In this way, the discrete fork in the road between cost/efficiency and strategic opportunity might now only exist as concept in centralized IT planning as cloud apps do an end-run. In truth, one of the cloud’s biggest implications is that it is enabling (and “empowering” if you like) anyone to self-service with the software, business solutions, infrastructure, and other computing services that they need, more easily and readily than any other source, including their own IT department.
This poses a dire quandary for IT planners and strategists: Join ‘em or fight ‘em? At the same time it can be truly enabling for business users even if, at least according to some, it also puts them on a slippery slope towards potential technology anarchy. The point: Businesses are often the ones reaching out for IT solutions that are increasingly formulated for their direct consumption as a service.
Is it about people or the cloud?
I believe we’re at a breakthrough point precisely because technology has matured to the point that it’s flexible enough to be adapted to what the people who use it are trying to achieve — to empower them to refine the automation and processes that help them fulfill their roles as effectively as possible. We no longer have to ask people to change their processes to fit in with the demands of punch card runs or application stovepipes or implementation and upgrade cycles. We now have information technology that’s sophisticated enough to fit in with how human beings work and behave, and that’s why people-centric IT is a defining theme for the new decade, requiring information technologists to develop new skills and ways of working that deliver results the people demand.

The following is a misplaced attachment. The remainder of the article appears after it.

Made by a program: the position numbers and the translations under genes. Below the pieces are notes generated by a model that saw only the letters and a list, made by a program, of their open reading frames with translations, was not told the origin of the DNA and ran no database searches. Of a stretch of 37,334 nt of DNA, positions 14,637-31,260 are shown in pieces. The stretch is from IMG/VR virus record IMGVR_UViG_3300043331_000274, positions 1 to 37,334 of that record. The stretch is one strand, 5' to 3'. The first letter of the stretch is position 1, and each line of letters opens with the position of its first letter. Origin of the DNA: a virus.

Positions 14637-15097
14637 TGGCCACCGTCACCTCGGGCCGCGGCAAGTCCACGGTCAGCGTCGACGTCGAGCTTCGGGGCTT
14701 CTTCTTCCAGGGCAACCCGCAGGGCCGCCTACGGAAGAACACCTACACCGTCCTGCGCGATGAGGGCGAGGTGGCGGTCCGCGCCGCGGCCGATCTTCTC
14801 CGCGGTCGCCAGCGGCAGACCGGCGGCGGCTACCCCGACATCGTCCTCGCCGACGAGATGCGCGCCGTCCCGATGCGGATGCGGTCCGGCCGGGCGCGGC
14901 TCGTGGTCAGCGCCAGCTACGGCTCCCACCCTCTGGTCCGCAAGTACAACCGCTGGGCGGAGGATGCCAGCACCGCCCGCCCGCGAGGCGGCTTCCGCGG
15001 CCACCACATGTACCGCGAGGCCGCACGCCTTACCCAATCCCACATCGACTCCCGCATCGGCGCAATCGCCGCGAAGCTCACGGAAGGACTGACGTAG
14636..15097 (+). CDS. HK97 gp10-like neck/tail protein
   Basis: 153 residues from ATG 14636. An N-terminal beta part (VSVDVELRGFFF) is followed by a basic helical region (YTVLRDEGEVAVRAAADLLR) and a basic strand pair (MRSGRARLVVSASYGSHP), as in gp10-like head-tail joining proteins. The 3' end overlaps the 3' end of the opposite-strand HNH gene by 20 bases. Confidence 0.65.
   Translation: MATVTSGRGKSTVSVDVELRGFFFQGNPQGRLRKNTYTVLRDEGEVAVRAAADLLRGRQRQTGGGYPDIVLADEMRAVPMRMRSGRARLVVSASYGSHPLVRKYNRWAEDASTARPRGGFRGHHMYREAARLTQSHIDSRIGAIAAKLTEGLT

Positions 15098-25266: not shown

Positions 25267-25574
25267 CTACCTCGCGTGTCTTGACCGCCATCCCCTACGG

I’ve been bullish on people-guided IT for several years now with concepts like end-user mashups and other self-service software models such as today’s highly configurable and easily customizable SaaS applications, especially the new business-focused peer production models like Social CRM in which people are the app. So Phil’s point is important here because all of these trends, particularly as they are embodied in today’s self-onboarding, “instant-on”, open, data-portable, viral, social, and disruptively unblockable cloud services. Not that all cloud computing systems have these attributes of course, but they tend to be based on often hard-to-govern Web (and increasingly mobile) technologies and design models.
You can broadly call this the consumerization of IT or the democratization of the enterprise, but the on-demand, utility model of computing combined with the seamless presence of today’s Internet within most organizations poses a clear challenge to traditional IT. It also points clearly to a — likely irreversible — slide into decentralized, lightweight, Web-oriented IT and what some are now calling emergent architecture.
Tim Bray: We’re doing it wrong
As I mentioned above, the discussion of how to get enterprise systems to meet business needs is heating up…
(Cross-posted @ Enterprise Web 2.0)